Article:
What is an Arthrogram?

Feb 22, 2016

An arthrogram uses imaging equipment to evaluate a joint like the shoulder, elbow, wrist, hip, knee or ankle. It is a two-part procedure consisting of a contrast injection into the joint, followed by an MRI or CT scan of the joint. 

An arthrogram is ordered to:

  • Find tears, degeneration or disease in the cartilage, ligament or tendon
  • Detect growths or synovial cysts in the joint
  • Diagnose unexplained joint pain
  • Determine the need for treatment, including arthroscopy, surgery or joint replacement

First part - injection
The first part of an arthrogram uses fluoroscopy – a specialized type of x-ray equipment that images the area in real time, and displays it on a video monitor. A small needle will be placed in the joint and contrast material (i.e. x-ray dye) will be injected into the joint space. Several x-ray images will be taken using the fluoroscopy machine. Pain medications like anesthetic and/or steroids may also be injected, depending on what was ordered by the healthcare provider. The injection portion typically takes about 30 minutes.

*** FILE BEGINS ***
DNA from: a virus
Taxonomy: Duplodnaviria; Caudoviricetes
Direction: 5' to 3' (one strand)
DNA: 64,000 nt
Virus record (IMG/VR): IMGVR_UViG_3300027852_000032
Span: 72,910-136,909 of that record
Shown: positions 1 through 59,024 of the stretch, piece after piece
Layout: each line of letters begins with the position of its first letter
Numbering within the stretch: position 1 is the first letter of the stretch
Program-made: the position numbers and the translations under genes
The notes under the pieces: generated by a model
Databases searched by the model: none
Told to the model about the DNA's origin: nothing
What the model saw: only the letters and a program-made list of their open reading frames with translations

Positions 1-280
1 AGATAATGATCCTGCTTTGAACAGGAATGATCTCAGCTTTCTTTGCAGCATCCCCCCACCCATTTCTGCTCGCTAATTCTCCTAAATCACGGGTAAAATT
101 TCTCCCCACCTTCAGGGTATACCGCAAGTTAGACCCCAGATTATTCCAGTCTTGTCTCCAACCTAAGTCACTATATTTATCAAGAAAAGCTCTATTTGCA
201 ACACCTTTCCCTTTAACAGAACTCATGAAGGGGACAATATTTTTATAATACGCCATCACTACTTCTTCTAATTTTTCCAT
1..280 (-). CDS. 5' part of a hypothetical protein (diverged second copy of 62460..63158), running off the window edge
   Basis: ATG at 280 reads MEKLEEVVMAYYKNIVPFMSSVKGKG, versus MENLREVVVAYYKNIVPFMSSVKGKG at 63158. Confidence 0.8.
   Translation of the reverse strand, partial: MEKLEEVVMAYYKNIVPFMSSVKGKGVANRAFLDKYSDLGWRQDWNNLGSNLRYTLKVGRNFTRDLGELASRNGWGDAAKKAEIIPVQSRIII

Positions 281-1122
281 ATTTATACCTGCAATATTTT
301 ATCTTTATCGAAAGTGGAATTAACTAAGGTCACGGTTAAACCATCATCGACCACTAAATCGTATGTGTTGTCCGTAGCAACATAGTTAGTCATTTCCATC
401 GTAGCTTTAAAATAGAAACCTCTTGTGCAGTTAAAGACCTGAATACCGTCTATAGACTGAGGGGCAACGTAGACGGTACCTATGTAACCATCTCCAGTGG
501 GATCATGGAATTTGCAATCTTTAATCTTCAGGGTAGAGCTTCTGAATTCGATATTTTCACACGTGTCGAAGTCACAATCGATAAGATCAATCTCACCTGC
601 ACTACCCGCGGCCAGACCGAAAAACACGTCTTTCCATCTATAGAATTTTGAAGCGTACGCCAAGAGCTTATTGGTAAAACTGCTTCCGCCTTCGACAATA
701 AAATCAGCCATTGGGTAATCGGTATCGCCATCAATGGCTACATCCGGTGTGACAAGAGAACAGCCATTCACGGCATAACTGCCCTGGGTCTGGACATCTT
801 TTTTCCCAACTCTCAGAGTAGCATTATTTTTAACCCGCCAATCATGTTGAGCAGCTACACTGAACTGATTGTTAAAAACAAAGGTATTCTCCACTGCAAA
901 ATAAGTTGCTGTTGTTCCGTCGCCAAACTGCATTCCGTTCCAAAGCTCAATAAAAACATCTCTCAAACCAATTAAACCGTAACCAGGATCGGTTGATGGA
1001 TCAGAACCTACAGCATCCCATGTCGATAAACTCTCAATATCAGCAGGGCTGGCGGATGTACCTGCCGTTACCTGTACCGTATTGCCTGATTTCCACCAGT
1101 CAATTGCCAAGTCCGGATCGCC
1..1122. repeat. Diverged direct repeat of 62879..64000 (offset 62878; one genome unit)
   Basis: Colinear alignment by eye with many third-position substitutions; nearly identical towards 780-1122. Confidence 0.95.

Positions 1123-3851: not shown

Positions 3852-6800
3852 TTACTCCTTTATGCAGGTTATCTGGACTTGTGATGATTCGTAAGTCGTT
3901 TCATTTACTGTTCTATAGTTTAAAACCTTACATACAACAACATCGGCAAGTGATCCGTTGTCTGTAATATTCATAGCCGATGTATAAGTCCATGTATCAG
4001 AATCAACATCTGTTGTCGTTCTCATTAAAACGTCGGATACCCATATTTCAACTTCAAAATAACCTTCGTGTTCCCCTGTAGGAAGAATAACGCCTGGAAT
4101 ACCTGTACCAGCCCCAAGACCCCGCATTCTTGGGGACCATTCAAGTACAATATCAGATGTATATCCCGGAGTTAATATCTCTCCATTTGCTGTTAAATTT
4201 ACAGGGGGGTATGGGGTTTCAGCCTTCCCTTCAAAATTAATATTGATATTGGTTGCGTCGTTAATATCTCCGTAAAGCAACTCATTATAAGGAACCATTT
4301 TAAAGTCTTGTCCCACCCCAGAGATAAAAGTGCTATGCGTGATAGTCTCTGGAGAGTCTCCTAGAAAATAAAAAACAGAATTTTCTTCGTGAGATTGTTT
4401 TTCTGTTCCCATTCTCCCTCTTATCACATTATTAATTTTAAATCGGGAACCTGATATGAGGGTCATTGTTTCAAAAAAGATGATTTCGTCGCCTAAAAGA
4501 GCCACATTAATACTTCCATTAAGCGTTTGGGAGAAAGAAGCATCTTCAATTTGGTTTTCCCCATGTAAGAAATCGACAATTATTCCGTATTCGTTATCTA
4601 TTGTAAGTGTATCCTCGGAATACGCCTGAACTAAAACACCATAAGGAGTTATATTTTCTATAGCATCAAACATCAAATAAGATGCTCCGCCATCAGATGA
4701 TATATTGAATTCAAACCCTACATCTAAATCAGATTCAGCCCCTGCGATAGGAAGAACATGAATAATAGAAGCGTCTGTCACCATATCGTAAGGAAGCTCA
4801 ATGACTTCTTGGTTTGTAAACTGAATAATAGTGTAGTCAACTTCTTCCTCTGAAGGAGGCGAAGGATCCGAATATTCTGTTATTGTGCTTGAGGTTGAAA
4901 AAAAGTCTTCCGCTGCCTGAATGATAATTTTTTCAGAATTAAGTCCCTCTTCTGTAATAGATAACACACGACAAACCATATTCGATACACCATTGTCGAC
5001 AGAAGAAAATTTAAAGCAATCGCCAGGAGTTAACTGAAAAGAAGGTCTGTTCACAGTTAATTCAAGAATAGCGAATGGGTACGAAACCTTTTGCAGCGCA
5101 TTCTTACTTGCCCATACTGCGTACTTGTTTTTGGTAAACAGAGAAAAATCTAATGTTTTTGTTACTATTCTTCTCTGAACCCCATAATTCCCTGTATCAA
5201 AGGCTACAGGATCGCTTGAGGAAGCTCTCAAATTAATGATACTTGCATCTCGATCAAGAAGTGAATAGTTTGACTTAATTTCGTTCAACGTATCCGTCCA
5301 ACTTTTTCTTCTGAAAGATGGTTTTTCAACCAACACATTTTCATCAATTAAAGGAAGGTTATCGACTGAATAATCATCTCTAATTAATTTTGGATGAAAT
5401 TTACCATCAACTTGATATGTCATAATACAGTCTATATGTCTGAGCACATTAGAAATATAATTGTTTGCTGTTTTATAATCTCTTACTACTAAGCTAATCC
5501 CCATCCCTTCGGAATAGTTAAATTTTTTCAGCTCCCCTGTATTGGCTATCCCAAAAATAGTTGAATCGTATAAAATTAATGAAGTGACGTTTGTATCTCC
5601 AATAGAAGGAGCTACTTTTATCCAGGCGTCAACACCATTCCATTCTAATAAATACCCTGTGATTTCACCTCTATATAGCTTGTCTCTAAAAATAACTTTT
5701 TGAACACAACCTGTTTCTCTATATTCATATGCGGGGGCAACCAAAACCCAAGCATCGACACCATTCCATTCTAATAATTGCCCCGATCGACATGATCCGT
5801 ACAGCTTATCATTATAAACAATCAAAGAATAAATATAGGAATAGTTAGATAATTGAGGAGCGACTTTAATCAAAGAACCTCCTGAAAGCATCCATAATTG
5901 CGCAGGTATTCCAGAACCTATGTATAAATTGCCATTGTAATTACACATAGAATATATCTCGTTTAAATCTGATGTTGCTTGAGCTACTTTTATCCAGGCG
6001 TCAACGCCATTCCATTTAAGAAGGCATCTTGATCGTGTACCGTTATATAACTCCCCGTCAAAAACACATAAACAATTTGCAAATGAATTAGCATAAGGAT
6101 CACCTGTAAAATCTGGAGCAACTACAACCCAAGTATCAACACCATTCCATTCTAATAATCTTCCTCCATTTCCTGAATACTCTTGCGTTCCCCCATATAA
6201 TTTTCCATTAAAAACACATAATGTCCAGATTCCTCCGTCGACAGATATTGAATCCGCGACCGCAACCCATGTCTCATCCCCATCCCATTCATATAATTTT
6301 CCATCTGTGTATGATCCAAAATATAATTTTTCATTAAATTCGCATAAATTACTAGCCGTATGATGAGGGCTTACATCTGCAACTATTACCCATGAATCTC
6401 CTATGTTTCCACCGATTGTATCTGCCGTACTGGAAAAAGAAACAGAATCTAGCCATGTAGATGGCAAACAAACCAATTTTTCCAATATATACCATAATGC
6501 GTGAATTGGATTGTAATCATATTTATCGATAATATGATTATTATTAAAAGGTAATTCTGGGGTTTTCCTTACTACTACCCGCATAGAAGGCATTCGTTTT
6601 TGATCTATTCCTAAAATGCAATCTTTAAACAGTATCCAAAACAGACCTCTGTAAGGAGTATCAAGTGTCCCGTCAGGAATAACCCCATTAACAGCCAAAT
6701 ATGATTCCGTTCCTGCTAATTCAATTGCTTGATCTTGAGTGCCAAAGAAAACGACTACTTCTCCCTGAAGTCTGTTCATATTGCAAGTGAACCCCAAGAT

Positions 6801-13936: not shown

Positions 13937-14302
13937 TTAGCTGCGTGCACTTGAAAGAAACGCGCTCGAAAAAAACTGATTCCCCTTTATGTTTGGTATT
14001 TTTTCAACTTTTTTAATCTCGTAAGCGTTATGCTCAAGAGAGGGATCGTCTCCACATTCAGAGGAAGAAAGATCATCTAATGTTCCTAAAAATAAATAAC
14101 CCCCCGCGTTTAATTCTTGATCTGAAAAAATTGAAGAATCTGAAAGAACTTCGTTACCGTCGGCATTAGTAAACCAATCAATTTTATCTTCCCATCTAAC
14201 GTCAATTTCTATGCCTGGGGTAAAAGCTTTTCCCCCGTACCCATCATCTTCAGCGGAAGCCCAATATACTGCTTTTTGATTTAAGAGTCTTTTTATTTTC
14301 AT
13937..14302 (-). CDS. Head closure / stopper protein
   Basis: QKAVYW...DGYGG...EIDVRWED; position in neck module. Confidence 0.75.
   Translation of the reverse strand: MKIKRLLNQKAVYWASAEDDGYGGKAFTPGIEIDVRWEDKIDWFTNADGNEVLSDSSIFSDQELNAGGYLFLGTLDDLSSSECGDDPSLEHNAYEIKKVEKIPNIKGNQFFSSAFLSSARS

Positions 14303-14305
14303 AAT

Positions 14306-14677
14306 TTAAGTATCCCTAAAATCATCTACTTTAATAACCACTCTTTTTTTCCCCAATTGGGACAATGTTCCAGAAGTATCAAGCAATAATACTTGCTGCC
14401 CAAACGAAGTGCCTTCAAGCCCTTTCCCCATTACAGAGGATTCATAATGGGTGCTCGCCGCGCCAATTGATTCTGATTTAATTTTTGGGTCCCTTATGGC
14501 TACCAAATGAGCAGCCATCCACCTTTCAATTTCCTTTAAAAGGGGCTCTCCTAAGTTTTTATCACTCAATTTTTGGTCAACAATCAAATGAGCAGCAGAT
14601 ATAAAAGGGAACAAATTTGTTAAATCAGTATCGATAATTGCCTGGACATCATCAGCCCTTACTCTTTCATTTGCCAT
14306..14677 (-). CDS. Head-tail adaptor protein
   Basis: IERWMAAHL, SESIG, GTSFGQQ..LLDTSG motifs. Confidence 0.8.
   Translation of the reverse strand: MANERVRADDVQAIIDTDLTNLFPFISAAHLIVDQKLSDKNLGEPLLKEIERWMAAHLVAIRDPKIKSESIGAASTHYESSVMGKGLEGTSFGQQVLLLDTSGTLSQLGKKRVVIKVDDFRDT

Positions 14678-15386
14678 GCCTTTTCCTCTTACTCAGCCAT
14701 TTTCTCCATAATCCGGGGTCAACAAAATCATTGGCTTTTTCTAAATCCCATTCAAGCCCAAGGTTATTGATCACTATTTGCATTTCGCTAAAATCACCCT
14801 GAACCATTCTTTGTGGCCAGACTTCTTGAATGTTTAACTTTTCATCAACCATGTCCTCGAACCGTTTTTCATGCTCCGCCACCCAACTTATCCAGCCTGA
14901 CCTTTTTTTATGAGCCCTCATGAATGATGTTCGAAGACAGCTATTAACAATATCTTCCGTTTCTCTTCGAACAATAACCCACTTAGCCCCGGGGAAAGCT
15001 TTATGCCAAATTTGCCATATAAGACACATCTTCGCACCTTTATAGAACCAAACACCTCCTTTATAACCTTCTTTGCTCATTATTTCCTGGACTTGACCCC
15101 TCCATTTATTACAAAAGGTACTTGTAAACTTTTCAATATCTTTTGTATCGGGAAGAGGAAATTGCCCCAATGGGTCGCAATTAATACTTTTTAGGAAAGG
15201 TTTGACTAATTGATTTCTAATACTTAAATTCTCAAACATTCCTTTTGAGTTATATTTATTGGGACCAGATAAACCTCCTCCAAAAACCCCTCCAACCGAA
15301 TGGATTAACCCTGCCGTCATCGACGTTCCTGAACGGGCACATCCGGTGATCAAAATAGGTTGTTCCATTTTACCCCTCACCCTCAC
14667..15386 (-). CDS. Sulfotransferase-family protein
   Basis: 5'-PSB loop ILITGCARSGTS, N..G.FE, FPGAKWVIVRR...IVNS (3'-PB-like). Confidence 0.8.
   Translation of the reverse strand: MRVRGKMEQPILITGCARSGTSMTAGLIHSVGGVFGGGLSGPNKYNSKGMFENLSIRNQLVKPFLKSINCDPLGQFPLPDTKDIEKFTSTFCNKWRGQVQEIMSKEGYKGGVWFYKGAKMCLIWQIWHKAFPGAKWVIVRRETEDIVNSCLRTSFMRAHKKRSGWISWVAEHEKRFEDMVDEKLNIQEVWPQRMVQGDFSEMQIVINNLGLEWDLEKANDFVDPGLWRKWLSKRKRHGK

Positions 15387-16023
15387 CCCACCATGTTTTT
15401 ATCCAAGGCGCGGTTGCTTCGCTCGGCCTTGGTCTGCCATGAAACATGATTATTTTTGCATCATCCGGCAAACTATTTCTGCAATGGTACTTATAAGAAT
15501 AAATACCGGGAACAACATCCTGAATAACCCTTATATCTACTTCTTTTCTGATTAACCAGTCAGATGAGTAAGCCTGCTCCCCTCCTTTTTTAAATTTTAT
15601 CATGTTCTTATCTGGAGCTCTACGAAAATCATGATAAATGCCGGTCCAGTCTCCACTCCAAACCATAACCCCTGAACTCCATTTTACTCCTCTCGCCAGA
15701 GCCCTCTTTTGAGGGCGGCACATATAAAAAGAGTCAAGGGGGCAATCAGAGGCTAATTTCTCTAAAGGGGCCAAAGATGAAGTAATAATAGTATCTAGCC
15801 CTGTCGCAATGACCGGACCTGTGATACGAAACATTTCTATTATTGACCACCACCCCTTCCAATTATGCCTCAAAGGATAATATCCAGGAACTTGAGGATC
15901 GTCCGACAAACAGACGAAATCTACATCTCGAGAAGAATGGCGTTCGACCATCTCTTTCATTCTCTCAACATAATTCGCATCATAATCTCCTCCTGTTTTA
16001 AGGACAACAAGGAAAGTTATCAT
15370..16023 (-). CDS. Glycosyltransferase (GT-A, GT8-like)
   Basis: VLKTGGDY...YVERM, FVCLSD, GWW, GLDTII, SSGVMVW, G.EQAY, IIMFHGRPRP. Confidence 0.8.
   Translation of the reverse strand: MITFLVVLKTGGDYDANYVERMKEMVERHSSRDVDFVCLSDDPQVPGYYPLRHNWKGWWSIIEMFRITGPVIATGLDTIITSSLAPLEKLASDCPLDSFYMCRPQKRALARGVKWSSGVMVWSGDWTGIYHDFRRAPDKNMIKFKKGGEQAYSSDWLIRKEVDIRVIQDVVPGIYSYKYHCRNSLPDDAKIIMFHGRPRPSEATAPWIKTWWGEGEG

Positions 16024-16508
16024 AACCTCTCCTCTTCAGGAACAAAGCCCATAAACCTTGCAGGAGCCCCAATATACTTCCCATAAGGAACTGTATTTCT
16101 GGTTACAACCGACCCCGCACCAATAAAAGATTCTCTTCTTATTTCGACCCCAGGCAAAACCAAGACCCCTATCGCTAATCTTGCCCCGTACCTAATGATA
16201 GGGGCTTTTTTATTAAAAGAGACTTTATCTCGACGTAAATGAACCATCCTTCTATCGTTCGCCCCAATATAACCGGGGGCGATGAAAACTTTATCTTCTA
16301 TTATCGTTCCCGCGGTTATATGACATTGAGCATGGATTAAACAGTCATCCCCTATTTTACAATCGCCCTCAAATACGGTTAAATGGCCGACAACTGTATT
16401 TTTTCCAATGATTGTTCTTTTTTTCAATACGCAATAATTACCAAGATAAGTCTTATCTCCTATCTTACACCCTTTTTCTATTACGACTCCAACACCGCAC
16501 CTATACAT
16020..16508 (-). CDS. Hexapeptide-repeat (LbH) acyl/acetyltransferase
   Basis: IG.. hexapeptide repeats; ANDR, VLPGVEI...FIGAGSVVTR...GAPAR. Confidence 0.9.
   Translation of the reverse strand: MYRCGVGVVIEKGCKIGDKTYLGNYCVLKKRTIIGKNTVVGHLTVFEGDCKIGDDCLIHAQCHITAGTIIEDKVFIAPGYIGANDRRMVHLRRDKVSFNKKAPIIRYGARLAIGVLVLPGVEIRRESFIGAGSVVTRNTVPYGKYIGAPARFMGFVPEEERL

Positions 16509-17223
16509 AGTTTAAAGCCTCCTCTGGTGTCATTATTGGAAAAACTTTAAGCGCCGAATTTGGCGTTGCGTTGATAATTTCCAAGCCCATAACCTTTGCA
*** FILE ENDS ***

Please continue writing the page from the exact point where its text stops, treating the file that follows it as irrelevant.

Second part - MRI
In most cases, an MRI (or occasionally a CT scan) of the joint will be performed after the injection portion. CT can be used to better evaluate the intra-articular structures in patients who cannot have an MRI for safety reasons. MRI uses a strong magnetic field and radio waves to make detailed pictures; please review our MRI metal safety checklist. The MRI will take another 30-45 minutes.

Can’t I just have an MRI? Why do I need to have an injection first?

  • An MRI arthrogram can be used to further evaluate an abnormality identified on a routine MRI. 
  • MRI arthrogram can better define some issues following surgery than a routine MRI.
  • Distention of the joint from the injected contrast material can better highlight some small structures that are close together on a routine MRI. 
  • Determining if an injury extends outside the joint can be easier with MRI arthrogram in some cases.

Image from a shoulder MRI arthrogram.


Image from a shoulder MRI.


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